Memorial Service for Yehudi Menuhin
June 3rd 1999
Eulogy by Dom Laurence Freeman OSB
Death is always an occasion for grieving and for celebrating. There is the pain of loss but also the sense of liberation, the agony of absence but also the awareness of how every life enhances the total history of humanity.
In the case of Yehudi Menuhin these paradoxes are particularly intense and universal. His family and friends will feel the loss most painfully. But, in his case, a very great multitude who never met him in the flesh also experienced his friendship: the friendship born of the sympathy of a shared humanity. By his art and genius and his vastly open spirit, Yehudi Menuhin has helped untold millions to understand and appreciate more richly what humanity is about.
I remember in one of my first conversations with him talking about the “Cloud of Unknowing,” a medieval mystical work. His curiosity and questions and comments renewed my own enthusiasm for what was for me a very familiar work; and a week later he contacted me to ask for details of a particular edition I had mentioned. In the same way his quick, eager, childlike yet highly sophisticated and passionate mind renewed the originality of many great works for his audiences for nearly eighty years. In an age obsessed with reproduction his interpretative genius never failed to remind us of the meaning of the original.
Family, friends, fellow musicians and audiences everywhere will miss his irreplaceable spirit of enthusiasm, his passion for justice and his brave compassion for the underprivileged and neglected.
But we can all also celebrate the affirmation of our culture he devoted himself to. At a time when there may not seem much to be proud about in western society, the work of his life – and the ongoing life of his work in so many fields – can lift our spirits and renew our hope. This is the work of the great teachers, the true gurus of society, and this is how I would like to applaud him today.
He once said that ‘we cannot enjoy the fruits of civilisation without a relationship to the eternal’. It was this insight – an experience not merely a concept – that opened him to the essential truth in all religions. He was one of those rare artists who is both deeply spiritual and deeply religious.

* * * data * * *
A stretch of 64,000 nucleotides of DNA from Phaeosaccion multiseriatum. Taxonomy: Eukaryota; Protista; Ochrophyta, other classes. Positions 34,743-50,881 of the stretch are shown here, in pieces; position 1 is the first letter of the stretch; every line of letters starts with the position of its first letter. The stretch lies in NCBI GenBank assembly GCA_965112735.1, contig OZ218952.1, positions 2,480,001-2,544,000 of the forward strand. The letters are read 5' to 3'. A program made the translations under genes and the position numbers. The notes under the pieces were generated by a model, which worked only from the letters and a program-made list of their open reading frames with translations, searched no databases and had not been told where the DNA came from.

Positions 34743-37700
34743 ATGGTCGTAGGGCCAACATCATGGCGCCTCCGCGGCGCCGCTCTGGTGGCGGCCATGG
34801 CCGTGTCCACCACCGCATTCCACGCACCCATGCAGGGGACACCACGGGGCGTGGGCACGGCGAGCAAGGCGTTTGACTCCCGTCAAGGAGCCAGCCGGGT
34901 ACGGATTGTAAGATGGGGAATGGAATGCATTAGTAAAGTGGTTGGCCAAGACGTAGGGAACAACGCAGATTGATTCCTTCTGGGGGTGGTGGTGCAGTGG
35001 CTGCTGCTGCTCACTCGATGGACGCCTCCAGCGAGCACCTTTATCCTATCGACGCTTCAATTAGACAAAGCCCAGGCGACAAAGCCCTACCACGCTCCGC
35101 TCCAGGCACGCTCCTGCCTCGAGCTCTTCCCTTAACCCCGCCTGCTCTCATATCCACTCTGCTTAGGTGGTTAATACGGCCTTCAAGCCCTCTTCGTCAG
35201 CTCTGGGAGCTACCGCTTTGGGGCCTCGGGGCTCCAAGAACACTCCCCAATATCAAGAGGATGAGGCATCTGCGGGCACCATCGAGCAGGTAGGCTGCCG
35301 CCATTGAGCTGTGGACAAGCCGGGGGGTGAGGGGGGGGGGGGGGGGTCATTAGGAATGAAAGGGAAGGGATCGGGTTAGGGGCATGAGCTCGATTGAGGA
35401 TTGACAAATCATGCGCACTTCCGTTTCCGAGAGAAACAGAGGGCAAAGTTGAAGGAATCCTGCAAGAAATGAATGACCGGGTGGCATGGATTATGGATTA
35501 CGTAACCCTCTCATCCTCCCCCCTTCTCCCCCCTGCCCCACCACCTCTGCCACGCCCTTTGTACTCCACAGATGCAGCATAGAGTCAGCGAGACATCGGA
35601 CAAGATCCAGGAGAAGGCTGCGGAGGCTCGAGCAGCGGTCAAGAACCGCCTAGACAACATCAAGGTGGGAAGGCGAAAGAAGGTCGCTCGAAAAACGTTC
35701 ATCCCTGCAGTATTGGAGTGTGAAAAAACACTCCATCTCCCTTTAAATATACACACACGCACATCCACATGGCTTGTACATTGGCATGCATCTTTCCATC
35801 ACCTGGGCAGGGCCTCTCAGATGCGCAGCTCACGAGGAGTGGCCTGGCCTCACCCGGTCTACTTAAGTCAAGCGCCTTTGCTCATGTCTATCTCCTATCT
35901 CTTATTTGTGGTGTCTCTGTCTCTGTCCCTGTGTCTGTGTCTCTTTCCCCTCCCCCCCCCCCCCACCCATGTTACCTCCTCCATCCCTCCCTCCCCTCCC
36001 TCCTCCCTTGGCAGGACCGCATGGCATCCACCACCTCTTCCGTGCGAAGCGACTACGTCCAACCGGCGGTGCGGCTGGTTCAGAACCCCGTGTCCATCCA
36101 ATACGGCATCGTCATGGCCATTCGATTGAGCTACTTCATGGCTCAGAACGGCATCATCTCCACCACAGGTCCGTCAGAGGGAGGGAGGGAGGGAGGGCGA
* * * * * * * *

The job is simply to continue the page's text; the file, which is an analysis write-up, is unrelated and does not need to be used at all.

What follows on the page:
From this universal spiritual sense came his capacity for friendship with the followers of all religions. It is a mark of Yehudi Menuhin’s deep and broad humanity that I, a Christian monk, can also share with you, his family and friends today, the condolences and appreciation of a Buddhist monk, His Holiness the Dalai Lama.
For nearly thirty years, the Dalai Lama says, he regarded him as a spiritual brother and his admiration and affection grew with time.
‘The sense of solidarity that I enjoyed from him (the Dalai Lama says) in my work of promoting such basic human values as compassion, non-violence and inter-religious understanding, was a source of great encouragement and inspiration. Not only has the world lost one its greatest musicians but it has also lost a great humanitarian. I, too, have lost a dear friend and a comrade-in-arms in the struggle for a more peaceful, harmonious and compassionate world.’
Like the Dalai Lama Yehudi Menuhin was a friend and patron of The World Community for Christian Meditation, a contemplative community that believes in the unifying power of pure prayer, the capacity of true silence to realise deep community among all peoples. I was at first surprised that a great musician should so appreciate the value of silence. In later conversations I understood that he did so because his sense of the sacred was so rooted in his belief in the sacredness of sense. Music, he surprised me once by saying, is the most physical of the arts as well as the most interior.
A musician, like a meditator, like someone sitting with a refugee or with a dying person or with a young person in distress, must know how to listen. Yehudi Menuhin was one of humanity’s rare and great listeners. He teaches us what we should be listening to at the heart of humanity, at the heart of the world. There is much to celebrate in his life, much to be thankful for, much to learn, much to pass on from what he discovered and shared with such beauty.
In my last conversation with him he spoke revealingly about what he heard at the heart of music – a new music he said, something unearthly, the resonances and vibrations on which all matter is ultimately built. If one could call him a mystic it would be because he was such a man of sense. And we can feel sure that what he heard once he hears and enjoys for ever.